History Dependent Modeling of Counter-Current Flow in Porous Media

Open Access
Author:
Li, Gaoming
Graduate Program:
Petroleum and Natural Gas Engineering
Degree:
Doctor of Philosophy
Document Type:
Dissertation
Date of Defense:
November 25, 2002
Committee Members:
  • Abraham S Grader, Committee Chair
  • Phillip Michael Halleck, Committee Chair
  • Turgay Ertekin, Committee Member
  • Derek Elsworth, Committee Member
  • Michael Adebola Adewumi, Committee Member
Keywords:
  • capillary pressure hysteresis
  • reservoir simulation
  • porous media
  • Counter-current flow
  • fluid bank
  • history matching
  • X-ray CT
Abstract:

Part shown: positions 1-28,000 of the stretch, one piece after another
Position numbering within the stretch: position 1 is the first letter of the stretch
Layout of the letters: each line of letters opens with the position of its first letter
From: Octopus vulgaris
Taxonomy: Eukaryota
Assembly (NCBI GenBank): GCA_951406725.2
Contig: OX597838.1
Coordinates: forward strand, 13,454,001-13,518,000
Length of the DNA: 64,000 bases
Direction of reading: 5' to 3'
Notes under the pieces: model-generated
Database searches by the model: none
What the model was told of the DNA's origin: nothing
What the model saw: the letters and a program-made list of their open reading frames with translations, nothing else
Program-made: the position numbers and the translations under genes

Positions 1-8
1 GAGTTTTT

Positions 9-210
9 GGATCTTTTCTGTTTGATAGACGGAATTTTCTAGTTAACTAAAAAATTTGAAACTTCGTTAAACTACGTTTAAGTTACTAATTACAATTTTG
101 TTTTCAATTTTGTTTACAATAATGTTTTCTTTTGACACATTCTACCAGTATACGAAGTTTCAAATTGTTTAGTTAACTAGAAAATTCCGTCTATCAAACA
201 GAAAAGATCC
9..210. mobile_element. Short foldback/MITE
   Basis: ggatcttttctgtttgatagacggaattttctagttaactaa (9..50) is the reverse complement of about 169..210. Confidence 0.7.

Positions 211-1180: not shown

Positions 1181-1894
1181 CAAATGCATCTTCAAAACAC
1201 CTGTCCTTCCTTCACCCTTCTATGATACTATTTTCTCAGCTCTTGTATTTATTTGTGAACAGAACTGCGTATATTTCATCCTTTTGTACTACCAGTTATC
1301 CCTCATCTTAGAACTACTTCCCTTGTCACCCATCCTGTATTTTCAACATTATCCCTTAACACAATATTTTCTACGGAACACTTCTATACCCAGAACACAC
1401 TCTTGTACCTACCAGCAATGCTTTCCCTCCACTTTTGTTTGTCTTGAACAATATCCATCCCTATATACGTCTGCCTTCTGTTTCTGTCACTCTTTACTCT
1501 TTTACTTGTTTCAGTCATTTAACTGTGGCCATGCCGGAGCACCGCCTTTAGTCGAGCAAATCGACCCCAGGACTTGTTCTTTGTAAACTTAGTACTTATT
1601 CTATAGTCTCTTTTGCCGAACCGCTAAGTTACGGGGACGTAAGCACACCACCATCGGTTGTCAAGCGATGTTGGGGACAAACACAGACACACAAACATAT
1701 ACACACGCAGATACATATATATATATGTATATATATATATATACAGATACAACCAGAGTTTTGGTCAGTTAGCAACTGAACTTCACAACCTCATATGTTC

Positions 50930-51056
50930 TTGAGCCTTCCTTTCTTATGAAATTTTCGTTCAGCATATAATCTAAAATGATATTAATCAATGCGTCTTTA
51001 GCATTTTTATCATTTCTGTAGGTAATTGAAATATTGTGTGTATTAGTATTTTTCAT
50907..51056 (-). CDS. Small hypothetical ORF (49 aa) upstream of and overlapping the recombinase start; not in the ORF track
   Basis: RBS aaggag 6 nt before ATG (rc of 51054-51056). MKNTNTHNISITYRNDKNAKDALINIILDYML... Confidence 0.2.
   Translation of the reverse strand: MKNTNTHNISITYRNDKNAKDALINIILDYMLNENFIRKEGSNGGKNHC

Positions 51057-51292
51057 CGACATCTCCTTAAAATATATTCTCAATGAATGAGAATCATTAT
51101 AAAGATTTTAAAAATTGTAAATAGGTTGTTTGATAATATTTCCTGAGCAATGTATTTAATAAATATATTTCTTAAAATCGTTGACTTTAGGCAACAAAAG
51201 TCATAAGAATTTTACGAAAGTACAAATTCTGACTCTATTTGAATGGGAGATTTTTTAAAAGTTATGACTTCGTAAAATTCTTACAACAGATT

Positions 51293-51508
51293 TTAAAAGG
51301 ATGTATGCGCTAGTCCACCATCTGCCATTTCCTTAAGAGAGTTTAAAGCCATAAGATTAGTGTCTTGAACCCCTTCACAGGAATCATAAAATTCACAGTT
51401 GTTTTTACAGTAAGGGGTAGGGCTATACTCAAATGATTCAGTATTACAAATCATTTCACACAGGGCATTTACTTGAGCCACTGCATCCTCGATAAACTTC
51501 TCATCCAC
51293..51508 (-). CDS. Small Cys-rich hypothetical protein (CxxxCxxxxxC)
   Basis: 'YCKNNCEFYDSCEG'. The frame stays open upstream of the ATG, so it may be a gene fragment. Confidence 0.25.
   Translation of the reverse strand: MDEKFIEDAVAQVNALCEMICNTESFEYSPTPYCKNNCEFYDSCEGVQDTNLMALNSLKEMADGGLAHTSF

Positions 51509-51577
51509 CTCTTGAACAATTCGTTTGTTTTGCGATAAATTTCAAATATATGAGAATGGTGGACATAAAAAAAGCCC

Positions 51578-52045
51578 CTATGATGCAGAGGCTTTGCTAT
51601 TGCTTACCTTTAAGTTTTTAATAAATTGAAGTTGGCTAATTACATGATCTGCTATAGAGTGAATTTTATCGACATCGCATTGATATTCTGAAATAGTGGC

Gravity-driven counter-current flow occurs in reservoir processes such as gas storage in an aquifer and certain secondary and tertiary recovery processes. In order to operate these processes effectively, it is important to understand and to be able to model the flow process. Both drainage and imbibition processes exist simultaneously when counter-current flow occurs. It has been difficult to model this type of flow process because of the impossibility of assigning a single capillary pressure curve applicable over the entire sample in this situation. The focus of this study is to find a method for accurately representing capillary pressure in counter-current flow. Gravity-driven counter-current flow experiments have been done in glass bead packs and the spatial and temporal saturation distributions of the core sample obtained with X-ray computed tomography (CT). With the aid of a deterministic reservoir simulator, capillary pressure and relative permeabilities were extracted by matching the saturation distribution with optimization methods (history-matching). This work applies a saturation-history-dependent approach to simulating counter-current flow. From the capillary hysteresis loop, a family of curves (called scanning curves) is constructed connecting the two branches. Each grid block of the sample is assigned a different scanning curve according to its current saturation and saturation history. This technique was used to simulate previous laboratory experiments in glass bead packs. The simulation reproduced two-dimensional saturation distributions over time with good accuracy. Similar simulations of experiments described in the literature were equally successful. In particular the simulation captured the fluid banks observed in counter-current flow experiments, which cannot be obtained through other methods.